This matter of honoring people in authority means appreciate them for their office. Think of them as valuable human beings; pray for them, cooperate with them so far as you can within the parameters of your Christian faith. You want to think about that in your own life? It gives me pause I must admit, when I start to wonder how much I personally — Bob Cook — have prayed for these folk who hold the very reins of the world’s history in their hands. I’m so busy praying that God’ll see me through today. How about you?
Well, let’s widen our horizon a little, and let’s begin to pray and intercede for folk like this, who certainly deserve our prayers by virtue of the awesome responsibility which they carry. “Honor them,” says God. “Honor all men. Love the brotherhood, fear God, honor the King.” Do you realize that in those four short sentences, you have a beautiful formula for a society that works well. You start at the broad base — honor all men. Every human being you meet is of value to God, and also it will develop to you. Love the brotherhood. A special place of appreciation for those who are part of the body of Christ. Don’t fight them, love them.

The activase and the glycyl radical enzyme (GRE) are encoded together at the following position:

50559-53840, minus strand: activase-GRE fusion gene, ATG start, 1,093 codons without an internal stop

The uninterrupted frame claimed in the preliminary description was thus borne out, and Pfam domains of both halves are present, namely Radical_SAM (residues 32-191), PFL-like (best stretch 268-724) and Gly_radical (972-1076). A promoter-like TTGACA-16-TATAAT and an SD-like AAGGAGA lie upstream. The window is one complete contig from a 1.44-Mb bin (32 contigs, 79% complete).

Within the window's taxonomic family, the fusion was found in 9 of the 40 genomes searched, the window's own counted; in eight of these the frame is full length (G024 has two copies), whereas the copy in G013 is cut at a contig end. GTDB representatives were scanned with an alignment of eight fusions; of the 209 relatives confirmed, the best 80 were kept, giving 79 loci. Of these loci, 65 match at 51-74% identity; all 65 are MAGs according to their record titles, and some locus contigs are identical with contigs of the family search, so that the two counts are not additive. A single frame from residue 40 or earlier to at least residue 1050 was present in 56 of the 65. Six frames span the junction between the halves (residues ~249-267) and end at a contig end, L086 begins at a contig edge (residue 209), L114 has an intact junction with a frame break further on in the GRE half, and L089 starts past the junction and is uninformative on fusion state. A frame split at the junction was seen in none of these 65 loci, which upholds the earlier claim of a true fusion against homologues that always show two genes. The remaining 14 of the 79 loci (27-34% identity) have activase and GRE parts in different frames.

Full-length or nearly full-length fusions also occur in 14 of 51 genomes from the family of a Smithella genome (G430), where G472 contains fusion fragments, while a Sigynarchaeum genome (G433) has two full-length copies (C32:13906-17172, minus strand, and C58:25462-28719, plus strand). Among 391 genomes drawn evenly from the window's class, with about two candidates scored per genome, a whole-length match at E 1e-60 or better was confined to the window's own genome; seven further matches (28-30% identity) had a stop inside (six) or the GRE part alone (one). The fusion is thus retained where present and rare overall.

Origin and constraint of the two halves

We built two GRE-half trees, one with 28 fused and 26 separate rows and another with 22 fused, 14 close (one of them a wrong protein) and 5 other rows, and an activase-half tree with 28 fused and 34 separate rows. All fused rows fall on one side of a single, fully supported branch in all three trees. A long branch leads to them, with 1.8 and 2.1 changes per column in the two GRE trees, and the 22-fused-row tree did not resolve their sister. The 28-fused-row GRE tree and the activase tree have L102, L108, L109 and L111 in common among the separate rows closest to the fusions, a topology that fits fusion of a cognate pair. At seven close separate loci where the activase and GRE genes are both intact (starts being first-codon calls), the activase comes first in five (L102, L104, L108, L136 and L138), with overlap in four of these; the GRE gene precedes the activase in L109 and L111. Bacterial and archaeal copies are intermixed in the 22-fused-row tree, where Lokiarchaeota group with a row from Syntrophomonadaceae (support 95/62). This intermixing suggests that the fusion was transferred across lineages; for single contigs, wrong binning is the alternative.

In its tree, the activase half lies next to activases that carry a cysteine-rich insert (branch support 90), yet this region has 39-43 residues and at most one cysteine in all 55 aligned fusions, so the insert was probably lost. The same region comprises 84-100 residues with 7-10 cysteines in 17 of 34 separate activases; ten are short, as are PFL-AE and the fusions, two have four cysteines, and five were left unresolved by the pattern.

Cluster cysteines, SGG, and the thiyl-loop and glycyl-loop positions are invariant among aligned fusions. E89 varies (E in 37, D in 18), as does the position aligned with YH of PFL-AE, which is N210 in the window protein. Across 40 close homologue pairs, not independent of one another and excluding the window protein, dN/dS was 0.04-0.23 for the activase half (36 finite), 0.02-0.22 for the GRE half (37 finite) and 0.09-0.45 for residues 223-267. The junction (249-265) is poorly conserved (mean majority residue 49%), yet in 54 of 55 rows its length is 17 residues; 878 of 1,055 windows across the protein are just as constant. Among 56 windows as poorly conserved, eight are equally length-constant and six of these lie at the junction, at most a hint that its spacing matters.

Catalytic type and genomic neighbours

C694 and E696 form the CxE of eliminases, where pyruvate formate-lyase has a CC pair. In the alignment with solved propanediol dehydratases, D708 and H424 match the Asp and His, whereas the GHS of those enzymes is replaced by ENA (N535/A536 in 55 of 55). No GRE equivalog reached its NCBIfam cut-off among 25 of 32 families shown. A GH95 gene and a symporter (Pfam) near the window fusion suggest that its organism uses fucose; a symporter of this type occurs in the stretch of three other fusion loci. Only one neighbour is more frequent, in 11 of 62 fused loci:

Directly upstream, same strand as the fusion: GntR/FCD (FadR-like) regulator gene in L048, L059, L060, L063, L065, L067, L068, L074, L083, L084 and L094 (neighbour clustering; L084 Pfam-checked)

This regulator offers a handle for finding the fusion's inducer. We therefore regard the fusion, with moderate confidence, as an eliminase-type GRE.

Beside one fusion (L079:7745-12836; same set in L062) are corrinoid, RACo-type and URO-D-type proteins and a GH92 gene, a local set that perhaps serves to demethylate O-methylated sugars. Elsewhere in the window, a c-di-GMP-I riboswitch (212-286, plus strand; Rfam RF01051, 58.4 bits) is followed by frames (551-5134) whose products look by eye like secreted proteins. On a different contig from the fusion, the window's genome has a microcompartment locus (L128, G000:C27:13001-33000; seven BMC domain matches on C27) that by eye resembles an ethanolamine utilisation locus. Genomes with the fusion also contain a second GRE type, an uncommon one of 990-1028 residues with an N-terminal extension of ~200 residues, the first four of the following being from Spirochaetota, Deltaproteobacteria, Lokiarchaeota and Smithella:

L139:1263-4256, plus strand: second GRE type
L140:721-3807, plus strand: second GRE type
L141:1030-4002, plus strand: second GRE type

Fear God. The reverential awe and trust that you and I exhibit toward Almighty God colors our actions and our attitudes. Then he says, “Honor the King” — our attitude toward stated authority. You have a very, a very short but powerful formula for a healthy society. Now he says, servants — now that’s again the — I believe it’s a Greek word doulos— ‘slaves’. We don’t have slaves today, thank God. But we did have, and we’re still feeling — some of you know by experience — still feeling the, the results and the, the backwash of that dreadful practice.